Another theory is that Thelma was murdered by her ex-husband, Pat Di Cicco. He had a history of violence against women; but again, there is no evidence that he had anything to do with her death.
I have my own theory, of course. How could I not? Here’s what I believe happened.
On Saturday night as she was leaving for the Trocodero, Roland West had told Thelma to be home at 2 am. He wasn’t joking with her as he’d said. Asserting herself, she told him she’d be home at 2:05 – but it was about 2:45 or 3 am when she asked Sid Grauman to phone West and let him know that she was on her way.
Her chauffeur, Ernie, said they arrived at the café at about 3:30 a.m and she had declined his offer to walk her up to her apartment. I believe that she declined because she anticipated an ugly scene with Roland about her late arrival home. She had a key in her evening bag, but the door to the apartment had been bolted from the inside. Roland had locked her out again. She was tired and she’d been drinking, her blood alcohol level was later found to be .13, enough for her to be intoxicated but not sloppy drunk. She decided that she didn’t have the energy to engage in an argument with Roland – it must have been about 4 am.
It was a cold night at the beach so Thelma trudged the rest of the way up the stairs to the garage.
She opened the garage doors and switched on the light. She got into her car and turned on the motor in an effort to keep warm. She fell asleep and was dead of carbon monoxide poisoning within minutes. She fell over and banged her head against the steering wheel of the car which caused a small amount of blood to be found on her body and at the scene. The blood was later tested and it contained carbon monoxide, so her injury occurred inside the garage.
According to tests made by criminalist Ray Pinker, it would have taken about two minutes for there to have been enough carbon monoxide in the garage to kill her. He had even tested the car to see how long it would run before the engine died – the shortest time it idled was 2 minutes 40 seconds, the longest was 46 minutes 40 seconds.
What about the light switch and the open car door? I think that when Roland didn’t hear anything from Thelma he decided to look for her. He walked to the garage to see if she’d taken her car. He went inside and saw Thelma slumped over in the front seat, just the way May Whitehead would find her on Monday morning. The car’s motor was no longer running. He swung open the driver’s side door to awaken her and realized that she was dead. He was too stunned to do anything but get the hell out of the garage. He left the driver’s side door open, switched off the garage light, closed the doors, and went back to his apartment.
Chester Morris starred in several Boston Blackie films
West was never held accountable, there was no proof of wrongdoing on his part, but I believe that he felt responsible for Thelma’s death. He never told a soul about the truth of that night; unless you believe the rumor that he made a death bed confession to his friend, actor Chester Morris.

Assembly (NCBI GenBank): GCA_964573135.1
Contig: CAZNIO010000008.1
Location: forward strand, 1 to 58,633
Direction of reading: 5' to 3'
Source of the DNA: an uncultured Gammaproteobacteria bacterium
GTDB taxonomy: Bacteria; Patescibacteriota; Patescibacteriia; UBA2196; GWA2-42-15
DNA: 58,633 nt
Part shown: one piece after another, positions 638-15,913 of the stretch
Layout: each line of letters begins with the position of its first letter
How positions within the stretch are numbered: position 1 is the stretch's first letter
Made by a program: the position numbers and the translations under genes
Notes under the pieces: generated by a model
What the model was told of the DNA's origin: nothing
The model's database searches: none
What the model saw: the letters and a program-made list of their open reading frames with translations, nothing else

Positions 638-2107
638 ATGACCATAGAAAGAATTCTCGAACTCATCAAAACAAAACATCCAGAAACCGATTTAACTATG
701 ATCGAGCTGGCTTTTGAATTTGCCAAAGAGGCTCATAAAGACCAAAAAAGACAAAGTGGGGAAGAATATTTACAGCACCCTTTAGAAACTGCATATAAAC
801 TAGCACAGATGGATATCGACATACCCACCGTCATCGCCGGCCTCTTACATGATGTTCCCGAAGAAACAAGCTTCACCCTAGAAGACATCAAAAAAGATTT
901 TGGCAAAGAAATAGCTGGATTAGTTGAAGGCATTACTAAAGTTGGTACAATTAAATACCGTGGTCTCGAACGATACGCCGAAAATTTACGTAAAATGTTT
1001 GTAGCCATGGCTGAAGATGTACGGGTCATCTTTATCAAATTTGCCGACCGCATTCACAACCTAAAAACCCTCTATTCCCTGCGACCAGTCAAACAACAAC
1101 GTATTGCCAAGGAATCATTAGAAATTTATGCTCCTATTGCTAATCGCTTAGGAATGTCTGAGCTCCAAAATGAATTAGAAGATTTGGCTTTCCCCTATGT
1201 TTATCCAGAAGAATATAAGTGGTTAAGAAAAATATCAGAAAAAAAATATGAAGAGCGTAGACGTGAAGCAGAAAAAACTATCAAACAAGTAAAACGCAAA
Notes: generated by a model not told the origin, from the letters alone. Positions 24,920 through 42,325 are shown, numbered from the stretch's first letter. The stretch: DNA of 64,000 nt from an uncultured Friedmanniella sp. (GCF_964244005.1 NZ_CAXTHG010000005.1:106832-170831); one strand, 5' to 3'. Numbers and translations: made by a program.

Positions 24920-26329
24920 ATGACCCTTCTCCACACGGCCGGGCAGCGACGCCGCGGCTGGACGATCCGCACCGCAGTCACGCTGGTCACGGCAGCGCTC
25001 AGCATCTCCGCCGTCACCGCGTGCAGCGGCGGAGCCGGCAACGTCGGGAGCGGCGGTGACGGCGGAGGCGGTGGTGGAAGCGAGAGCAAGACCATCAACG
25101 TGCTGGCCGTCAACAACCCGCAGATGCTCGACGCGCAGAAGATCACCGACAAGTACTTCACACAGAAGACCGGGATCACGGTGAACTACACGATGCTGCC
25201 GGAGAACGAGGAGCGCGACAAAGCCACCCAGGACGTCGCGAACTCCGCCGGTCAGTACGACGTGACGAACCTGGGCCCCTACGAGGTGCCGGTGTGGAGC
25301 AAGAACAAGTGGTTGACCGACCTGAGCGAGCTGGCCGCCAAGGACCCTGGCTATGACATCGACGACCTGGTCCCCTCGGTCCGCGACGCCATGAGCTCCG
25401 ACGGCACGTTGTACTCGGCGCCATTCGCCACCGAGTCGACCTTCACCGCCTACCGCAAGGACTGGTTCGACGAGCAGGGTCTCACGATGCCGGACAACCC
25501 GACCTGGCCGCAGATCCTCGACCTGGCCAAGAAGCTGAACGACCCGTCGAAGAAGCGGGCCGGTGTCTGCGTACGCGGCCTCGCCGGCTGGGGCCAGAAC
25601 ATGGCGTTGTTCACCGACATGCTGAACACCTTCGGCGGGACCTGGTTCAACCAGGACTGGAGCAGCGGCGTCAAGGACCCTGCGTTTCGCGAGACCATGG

What about Martha Ford’s alleged telephone conversation with Thelma? Was it actually Thelma on the phone? Maybe Ford was mistaken about the time. It is one of the many loose ends in the mystery surrounding Thelma Todd’s death.
Aggie was finishing her first year as a reporter for Hearst when Thelma Todd died. According to her memoir, by the end of the autopsy only she and the coroner remained in the room; her colleagues had turned green and bolted for the door.
The last words in this tale belong to Aggie—she too was perplexed by some of the mysteries surrounding Thelma’s death. She wrote in her memoir:
“In crucial phases of the case, official versions as told reporters varied from subsequent statements. It was known where and what Miss Todd had eaten on Saturday night. Stomach contents found in the autopsy did not appear to bear out reports on the meal. There were other discrepancies, including interpretations of the condition of the body and its position in the automobile.”
And for you conspiracy buffs, Aggie talked about a detective she knew who was working to clarify some of the disputed information. She said:
“…he was deeper in the mystery, receiving threatening calls…which carried a secret and unlisted number. He was warned to ‘lay off if you know what is good for you.’
“In his investigation the detective stopped and searched an automobile of a powerful motion picture figure. In the car, surprisingly, was a witness who had reported that Miss Todd had been seen on Sunday. Near the witness was a packed suitcase. The investigator told me the owner of the car attempted to have him ousted from the police department.”
Aggie would not reveal the name of the detective. In summation she wrote:
“There’s a disquieting feeling in working some of these cinema-land death cases, whether natural or mysterious. One senses intangible pressures, as in the Thelma Todd story: After the inquest testimony, in which one sensational theory was that the blonde star, who died of carbon monoxide gas, was the victim of a killer, the case eventually was dropped as one of accidental, though mysterious, death.”
Over the decades Thelma’s death has been the subject of books, movies, and TV shows; and it has been attributed to everything from suicide, to a criminal conspiracy.
I think it is best if Aggie and I leave you to make up your own mind about what really happened to Thelma Todd.